Although the mind-altering effects of marijuana were known well into the 18th century, the plant wasn’t always used for that purpose. These other purposes are even less known today because scientists and researchers continue to find new medicinal properties of the drug, and growers continue to produce more potent weed. During the Colonial Times, farmers grew their plants in tight batches, which isn’t ideal for growing flowers where most of the THC is concentrated, so there’s no evidence to suggest Early America smoked their hemp. Also, the particular hemp that they grew was cannabis sativa L, which contains less than 1% THC, so even if they did smoke their product, they most likely wouldn’t get high.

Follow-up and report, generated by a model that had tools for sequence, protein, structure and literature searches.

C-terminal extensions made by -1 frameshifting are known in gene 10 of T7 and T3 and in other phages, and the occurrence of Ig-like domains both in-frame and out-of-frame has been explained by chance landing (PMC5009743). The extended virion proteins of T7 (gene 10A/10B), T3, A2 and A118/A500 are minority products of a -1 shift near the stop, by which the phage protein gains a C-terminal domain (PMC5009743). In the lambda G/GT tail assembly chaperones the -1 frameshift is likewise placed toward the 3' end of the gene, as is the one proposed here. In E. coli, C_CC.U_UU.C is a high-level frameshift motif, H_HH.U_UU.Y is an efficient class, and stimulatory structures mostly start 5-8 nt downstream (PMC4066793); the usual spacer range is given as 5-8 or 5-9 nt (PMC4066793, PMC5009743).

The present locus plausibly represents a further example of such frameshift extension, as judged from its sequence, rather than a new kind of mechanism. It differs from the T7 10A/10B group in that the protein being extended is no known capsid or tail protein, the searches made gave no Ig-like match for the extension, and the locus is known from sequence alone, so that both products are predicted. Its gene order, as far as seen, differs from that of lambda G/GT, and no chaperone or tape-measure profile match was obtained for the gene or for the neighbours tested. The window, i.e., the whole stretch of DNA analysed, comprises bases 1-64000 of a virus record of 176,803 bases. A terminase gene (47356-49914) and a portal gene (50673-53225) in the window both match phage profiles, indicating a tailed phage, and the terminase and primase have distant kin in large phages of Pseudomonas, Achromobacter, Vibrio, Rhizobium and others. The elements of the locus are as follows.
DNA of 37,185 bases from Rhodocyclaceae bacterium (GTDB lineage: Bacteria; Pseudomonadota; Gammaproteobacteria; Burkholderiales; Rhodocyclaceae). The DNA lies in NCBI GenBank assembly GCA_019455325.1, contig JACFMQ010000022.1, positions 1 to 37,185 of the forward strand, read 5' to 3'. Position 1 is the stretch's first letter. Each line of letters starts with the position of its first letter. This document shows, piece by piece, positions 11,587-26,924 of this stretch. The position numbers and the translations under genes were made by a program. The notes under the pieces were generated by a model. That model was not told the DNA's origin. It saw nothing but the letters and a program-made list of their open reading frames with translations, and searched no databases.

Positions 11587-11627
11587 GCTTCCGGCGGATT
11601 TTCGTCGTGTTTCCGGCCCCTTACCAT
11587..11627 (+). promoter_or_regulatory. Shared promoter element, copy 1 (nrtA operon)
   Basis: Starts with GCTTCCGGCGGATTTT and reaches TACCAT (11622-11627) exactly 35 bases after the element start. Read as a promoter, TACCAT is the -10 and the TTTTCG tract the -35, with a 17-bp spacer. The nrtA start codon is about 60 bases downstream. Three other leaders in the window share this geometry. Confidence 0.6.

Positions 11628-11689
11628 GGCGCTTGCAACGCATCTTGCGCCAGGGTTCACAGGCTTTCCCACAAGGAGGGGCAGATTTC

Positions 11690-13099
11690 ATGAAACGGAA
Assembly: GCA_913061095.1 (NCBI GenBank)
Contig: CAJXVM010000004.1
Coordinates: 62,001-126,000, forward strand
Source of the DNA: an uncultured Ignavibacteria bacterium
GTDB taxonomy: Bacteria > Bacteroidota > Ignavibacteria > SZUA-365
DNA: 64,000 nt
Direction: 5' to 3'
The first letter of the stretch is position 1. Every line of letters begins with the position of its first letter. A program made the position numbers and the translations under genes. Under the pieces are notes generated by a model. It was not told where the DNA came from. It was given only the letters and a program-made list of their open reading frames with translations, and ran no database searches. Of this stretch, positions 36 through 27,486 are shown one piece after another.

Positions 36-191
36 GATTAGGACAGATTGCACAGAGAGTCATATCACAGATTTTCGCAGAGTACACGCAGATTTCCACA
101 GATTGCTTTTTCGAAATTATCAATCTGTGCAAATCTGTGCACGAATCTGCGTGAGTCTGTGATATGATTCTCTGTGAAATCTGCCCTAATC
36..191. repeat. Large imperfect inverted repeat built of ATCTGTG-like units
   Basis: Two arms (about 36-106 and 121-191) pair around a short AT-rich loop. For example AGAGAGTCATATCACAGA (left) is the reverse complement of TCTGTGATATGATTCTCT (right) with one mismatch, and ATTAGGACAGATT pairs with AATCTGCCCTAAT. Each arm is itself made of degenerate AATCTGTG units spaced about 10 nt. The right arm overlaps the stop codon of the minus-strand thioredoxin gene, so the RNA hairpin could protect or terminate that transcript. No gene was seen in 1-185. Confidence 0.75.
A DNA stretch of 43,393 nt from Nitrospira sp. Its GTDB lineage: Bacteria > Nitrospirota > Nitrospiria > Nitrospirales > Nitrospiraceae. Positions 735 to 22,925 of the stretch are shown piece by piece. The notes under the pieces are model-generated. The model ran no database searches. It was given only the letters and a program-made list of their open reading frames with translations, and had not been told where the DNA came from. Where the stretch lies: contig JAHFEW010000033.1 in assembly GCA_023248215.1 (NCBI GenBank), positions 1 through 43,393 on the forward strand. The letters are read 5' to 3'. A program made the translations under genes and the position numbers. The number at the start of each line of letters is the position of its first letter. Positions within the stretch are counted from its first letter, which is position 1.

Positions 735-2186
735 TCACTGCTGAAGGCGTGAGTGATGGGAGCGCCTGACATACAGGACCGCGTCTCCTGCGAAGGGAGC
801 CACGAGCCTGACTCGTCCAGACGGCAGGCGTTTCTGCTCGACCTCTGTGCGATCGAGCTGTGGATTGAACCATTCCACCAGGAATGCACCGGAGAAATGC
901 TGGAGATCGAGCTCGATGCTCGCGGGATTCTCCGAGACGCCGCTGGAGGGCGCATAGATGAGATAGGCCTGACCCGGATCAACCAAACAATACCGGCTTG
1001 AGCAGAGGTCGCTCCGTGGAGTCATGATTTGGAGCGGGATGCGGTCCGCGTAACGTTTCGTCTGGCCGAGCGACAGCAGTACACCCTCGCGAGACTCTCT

Instead, they used the plant for its exceptionally strong and durable fibers. The plant’s strength was used for sails because it was the only material able to withstand the open waters. In 1588, when the Spanish Armada attacked, the British fleet was held up by hemp. According to historians, the ships used an estimated 10,000 acres of cultivated hemp. Then, with the emergence of larger fleets, the Virginia Assembly ordered “that every planter as soone as he may, provide seede of flaxe and hempe and sowe the same.”